Controversial Egyptian lawyer says will run for president

Mortada Mansour announced his presidential bid on Sunday, becoming the country’s third candidate

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Mortada Mansour, a controversial Egyptian lawyer and harsh critic of activists who led Egypt’s 2011 uprising, announced his presidential bid on Sunday, becoming the country’s third candidate.

News of Mansour’s candidacy sparked a wave of reactions on whether the former judge and current head of Egypt’s Zamalek football club holds a real chance to win the elections, widely seen to be in favor of former army general Abdel Fattah el-Sisi.

"My program in brief is (to make) Egypt strong and recover its prestige and status in the world," Mansour told a press conference, as quoted by Agence France-Presse.

Despite a generally-held belief that Sisi would win the upcoming elections, Mansour defended his chances of winning, saying he has supporters on the ground that would back him.

“At least I have millions of Zamalek fans backing me,” he told Al Arabiya News.

Mansour gave his Sunday conference appearance a religious flavor by calling for halt during prayer time.

Moreover, the presidential hopeful stated that if he wins he “will prohibit all what Allah has forbidden,” such as wine, and encourage an interest free Islamic economy.

Speaking to Al Arabiya News, he reiterated his plan to permit only what has been allowed by Islamic principles and refrain from what has been prohibited.

When asked if such restricting moves would interfere with peoples’ personal freedom or affect the country’s economy, Mansour stressed that above all a country should follow God’s will.

“I will not allow anything God has forbidden,” he told Al Arabiya News. “A country seeking prosperity should refrain from what God has prohibited.”

He said individuals can drink and wear what they want, but not in public.

“Those who want to drink wine can drink at their homes, they are free inside their houses, but outside they aren’t.”

Mansour has called for a suspension on protests, sit-ins and strikes for a whole year until Egypt is back on its feet economically and politically.

“We’ve been witnessing many protests in the three years of turmoil,” he told Al Arabiya News.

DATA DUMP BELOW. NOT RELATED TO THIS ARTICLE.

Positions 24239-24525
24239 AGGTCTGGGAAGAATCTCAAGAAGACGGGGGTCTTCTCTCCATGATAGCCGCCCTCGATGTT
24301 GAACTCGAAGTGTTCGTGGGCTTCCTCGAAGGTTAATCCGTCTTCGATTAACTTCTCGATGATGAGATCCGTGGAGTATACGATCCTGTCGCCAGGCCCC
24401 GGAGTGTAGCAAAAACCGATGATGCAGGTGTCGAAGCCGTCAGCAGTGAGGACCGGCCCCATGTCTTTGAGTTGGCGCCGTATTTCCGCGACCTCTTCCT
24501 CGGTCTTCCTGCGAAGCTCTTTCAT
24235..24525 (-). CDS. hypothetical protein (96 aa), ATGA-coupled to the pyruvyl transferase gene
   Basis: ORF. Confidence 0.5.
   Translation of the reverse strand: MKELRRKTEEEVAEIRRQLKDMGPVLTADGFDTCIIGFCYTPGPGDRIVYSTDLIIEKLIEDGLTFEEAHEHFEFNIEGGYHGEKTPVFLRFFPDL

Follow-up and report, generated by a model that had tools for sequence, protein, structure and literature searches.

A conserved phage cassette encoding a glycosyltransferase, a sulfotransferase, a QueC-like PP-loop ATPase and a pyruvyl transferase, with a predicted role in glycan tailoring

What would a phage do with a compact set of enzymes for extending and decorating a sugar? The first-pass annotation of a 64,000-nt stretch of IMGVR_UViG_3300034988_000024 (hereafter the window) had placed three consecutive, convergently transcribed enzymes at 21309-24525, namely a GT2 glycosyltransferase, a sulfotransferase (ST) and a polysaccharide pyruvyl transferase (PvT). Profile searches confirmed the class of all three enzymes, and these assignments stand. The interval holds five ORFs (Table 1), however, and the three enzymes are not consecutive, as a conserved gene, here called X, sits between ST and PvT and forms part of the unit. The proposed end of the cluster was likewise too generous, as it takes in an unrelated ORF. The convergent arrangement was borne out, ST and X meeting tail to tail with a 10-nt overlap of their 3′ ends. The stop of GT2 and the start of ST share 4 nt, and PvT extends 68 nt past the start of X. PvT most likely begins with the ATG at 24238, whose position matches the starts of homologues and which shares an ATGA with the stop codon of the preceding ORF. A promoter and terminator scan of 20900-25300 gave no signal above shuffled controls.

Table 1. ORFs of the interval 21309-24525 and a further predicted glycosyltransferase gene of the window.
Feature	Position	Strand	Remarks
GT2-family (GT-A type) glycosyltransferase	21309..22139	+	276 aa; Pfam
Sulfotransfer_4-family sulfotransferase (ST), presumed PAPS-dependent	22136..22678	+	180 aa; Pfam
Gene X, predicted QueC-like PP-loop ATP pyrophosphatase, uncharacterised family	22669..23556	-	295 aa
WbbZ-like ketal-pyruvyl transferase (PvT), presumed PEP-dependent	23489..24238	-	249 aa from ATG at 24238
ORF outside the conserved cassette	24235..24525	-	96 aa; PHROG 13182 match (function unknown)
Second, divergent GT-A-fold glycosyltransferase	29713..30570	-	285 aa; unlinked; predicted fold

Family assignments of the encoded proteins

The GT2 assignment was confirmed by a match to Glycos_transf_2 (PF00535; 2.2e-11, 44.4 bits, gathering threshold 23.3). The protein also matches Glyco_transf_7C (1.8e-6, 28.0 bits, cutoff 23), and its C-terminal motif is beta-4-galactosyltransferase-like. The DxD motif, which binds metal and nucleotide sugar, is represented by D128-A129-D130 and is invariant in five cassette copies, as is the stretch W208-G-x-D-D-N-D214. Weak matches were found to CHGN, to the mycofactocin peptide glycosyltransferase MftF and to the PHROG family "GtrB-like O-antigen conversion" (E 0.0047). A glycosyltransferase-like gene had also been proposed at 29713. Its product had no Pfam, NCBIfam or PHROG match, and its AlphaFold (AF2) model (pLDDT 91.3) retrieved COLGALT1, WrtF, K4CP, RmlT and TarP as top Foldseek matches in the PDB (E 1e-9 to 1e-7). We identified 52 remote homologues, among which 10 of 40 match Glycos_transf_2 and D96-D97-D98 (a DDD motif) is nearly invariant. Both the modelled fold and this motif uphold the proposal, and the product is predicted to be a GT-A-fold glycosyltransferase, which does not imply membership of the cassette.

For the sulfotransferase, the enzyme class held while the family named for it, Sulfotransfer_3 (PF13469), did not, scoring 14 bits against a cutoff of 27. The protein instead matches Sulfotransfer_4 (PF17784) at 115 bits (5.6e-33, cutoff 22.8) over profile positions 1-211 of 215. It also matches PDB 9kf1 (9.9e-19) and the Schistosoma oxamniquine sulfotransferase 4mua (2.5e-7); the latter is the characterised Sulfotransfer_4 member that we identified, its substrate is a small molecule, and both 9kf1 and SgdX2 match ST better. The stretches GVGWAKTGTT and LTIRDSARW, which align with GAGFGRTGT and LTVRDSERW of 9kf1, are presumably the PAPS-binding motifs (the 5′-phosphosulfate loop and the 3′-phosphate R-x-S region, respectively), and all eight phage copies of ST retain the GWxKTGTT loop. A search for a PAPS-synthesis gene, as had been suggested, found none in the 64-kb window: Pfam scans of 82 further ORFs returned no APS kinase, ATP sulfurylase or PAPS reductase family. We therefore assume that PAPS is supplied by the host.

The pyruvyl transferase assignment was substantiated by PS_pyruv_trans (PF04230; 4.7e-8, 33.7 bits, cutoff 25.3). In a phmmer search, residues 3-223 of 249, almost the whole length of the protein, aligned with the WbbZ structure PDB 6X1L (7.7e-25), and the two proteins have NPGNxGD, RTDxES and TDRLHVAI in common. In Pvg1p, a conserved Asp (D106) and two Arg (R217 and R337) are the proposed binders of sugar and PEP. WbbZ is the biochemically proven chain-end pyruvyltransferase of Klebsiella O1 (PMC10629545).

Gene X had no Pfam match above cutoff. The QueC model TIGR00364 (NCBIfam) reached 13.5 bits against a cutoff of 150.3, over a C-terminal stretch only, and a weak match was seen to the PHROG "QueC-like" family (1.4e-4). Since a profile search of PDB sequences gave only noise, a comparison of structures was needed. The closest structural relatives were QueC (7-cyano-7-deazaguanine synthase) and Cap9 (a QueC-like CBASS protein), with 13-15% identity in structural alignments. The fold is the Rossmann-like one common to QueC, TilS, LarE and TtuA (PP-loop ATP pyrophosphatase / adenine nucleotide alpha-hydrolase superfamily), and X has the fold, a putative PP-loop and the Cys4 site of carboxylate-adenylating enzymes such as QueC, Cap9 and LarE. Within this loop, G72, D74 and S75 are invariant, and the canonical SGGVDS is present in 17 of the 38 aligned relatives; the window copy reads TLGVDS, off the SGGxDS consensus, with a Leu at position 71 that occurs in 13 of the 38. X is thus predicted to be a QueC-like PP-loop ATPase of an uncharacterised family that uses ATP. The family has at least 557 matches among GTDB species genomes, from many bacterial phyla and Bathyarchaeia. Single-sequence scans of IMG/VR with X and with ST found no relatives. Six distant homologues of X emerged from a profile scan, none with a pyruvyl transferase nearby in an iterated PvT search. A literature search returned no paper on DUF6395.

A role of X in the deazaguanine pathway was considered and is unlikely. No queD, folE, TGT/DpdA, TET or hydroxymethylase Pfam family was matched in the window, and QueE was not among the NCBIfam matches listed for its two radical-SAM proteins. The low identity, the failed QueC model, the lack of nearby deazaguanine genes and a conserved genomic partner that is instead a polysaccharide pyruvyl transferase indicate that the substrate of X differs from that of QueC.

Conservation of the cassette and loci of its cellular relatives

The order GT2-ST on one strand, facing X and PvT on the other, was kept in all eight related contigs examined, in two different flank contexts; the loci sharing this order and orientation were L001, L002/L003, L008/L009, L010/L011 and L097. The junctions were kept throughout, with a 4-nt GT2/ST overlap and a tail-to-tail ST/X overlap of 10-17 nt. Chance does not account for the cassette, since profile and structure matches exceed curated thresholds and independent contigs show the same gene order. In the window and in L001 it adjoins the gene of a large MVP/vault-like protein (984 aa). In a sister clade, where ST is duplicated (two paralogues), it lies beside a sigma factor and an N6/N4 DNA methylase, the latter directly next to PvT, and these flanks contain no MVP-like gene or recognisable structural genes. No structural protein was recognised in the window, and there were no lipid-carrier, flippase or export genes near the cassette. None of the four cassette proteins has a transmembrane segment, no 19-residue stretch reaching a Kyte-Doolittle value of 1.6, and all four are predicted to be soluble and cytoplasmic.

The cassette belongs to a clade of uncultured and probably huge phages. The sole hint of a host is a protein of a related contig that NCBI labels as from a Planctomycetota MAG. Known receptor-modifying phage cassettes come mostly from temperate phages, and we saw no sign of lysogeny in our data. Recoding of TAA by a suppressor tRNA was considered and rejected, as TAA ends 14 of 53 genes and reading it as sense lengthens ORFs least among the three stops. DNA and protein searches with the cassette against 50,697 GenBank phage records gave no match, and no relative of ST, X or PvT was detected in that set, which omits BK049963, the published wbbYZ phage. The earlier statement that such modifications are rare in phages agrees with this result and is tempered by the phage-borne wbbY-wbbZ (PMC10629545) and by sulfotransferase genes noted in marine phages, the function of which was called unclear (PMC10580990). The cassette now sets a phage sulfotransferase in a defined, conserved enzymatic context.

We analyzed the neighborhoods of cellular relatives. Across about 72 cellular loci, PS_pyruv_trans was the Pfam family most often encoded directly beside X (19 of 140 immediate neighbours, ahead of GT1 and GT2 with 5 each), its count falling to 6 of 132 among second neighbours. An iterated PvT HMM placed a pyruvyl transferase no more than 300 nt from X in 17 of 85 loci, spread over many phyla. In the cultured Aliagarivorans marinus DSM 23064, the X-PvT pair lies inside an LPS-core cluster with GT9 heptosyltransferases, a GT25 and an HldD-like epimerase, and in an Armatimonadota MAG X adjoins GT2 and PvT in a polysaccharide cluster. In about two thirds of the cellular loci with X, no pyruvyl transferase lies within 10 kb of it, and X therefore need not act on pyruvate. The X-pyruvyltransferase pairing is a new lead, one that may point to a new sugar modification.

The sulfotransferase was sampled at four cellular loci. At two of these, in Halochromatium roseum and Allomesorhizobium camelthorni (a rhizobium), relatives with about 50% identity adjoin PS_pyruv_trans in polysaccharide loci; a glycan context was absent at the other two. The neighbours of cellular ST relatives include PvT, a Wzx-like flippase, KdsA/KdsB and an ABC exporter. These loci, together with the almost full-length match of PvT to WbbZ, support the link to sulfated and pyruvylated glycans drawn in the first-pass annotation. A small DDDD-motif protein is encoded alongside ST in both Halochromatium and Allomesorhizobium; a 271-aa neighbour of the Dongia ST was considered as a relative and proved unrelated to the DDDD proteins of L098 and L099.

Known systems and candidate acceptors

The presidential candidate went onto say he doesn’t think the halt on protests would affect his public support.

“My eyes are on the people’s benefits. I will not allow protests, strikes and sit-ins until the country recovers. We cannot be receiving aid from Gulf countries but not work.”

Since the 1990s, Mansour had been considered a controversial figure within Egyptian society, known for provocative public statements and a cascade of lawsuits throughout his career.

Mansour previously tried to run in the 2012 presidential election, but lost to now ousted President Mohammad Mursi.

He claims his candidacy was rejected by the electoral committee for unknown reasons.

Mansour is known among Egyptians by his alleged “CD’s” in which he occasionally uses to threaten rival public figures. He claims the CD-ROMs he possesses include crucial documents that could cause trouble if leaked.

In October 2012, Mansour was among 24 people acquitted of organizing the infamous "battle of the camel," a camel-borne assault on protesters in Cairo's Tahrir Square during the 2011 revolt which ousted Husni Mubarak.

In remarks on his presidential bid, a number of political activists described Mansour’s move as a “political crime,” saying he has no chance to win whatsoever.

Mina Magdy, from Egypt’s Maspero Youth Coalition, told al-Dostour daily that “Mansour is a controversial figure and is an ex-con, and his candidacy is a political crime for Egyptians and presidency.”

Meanwhile, Amr Ezz, a member in the Nasserite-oriented Egyptian Popular Current, told the newspaper chances of Mansour are “non-existent.”

(additional reporting by AFP)

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